Blowing the zone early, looking for the cherry-pick pass behind the defence, not getting back, not moving their feet to get open, it was a night of ineffective and lazy hockey from the Canucks.
Best closing statement from Bruce Boudreau
“It’s pretty mind-boggling. I would have put us against anybody after playing Colorado and Vegas.”
J-Mac was my editor at the Province when I worked there and I want to give a giant shout-out to an absolute gem of a guy. I learned a lot from this man, and I miss our talks about the Vancouver Grizzlies. Benoit Benjamin tried his best, okay?
Best first ballot hall of tweeter
Best if I could be serious for a minute
I know everyone has probably had their fill of the Roberto Luongo number vs ROH debate, so all I will say is this:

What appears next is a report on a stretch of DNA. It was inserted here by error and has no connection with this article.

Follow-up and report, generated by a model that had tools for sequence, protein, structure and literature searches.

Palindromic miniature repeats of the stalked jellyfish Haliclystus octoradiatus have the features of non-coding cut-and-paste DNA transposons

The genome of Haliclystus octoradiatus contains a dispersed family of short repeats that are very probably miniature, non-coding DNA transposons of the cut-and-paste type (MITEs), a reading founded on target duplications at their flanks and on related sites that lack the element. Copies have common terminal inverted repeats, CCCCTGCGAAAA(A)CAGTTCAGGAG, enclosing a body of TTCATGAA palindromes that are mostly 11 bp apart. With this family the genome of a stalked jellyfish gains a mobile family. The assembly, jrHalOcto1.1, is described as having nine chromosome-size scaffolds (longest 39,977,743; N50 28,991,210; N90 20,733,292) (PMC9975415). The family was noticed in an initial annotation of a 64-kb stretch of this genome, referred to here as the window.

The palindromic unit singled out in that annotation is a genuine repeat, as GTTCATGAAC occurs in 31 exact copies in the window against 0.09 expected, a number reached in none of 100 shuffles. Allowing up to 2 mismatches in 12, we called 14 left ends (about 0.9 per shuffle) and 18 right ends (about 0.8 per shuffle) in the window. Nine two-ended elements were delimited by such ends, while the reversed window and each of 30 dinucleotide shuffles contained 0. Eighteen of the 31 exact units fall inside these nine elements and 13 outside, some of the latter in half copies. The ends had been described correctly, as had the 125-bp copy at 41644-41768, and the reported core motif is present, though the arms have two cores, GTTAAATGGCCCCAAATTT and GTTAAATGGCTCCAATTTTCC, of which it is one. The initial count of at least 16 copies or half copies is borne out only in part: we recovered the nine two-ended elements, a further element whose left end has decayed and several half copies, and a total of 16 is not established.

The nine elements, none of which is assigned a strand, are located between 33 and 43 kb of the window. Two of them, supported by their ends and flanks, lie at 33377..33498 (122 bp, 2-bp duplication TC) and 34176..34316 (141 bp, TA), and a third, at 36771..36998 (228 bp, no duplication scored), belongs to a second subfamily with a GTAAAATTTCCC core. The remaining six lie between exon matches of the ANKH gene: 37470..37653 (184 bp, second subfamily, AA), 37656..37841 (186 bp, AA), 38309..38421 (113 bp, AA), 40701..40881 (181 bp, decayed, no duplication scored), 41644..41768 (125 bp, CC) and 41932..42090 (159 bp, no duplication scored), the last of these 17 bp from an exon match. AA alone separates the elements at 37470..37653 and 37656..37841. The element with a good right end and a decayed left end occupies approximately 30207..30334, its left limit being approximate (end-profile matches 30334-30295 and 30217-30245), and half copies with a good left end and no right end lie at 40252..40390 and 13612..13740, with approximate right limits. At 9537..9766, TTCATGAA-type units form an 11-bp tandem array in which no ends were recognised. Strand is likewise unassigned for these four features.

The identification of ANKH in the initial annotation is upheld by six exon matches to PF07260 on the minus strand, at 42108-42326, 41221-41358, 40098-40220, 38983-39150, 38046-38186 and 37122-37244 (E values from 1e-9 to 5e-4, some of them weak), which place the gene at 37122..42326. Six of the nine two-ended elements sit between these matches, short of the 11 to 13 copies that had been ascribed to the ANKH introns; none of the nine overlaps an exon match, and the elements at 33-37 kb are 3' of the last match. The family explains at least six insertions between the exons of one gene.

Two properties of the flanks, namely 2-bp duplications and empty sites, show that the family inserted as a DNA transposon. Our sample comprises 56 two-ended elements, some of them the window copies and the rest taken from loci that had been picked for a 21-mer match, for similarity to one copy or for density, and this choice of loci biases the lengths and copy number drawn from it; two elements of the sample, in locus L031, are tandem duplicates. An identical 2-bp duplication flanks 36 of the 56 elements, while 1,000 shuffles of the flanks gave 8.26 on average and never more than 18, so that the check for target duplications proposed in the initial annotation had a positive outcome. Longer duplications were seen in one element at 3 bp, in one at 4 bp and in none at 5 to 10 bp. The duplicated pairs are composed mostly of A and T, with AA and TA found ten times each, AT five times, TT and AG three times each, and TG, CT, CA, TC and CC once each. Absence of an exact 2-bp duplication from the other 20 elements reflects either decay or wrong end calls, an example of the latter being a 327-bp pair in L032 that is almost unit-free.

It was nice to take a moment to sit back and watch three Canucks legends who have meant so much to this city get some recognition from the fans. Not so much the Sedins, who probably get hugged by Vancouverites every day of their lives, but specifically for Roberto Luongo.
It’s clearly tough sharing custody with Florida over Roberto, and it’s much easier to talk about the Sedins, who spent their entire careers in Vancouver. Roberto’s legacy here often gets hit with talks about “well he loves Florida more” even though he goes out of his way to talk about how much this city meant to him and how the best years of his professional career were spent here.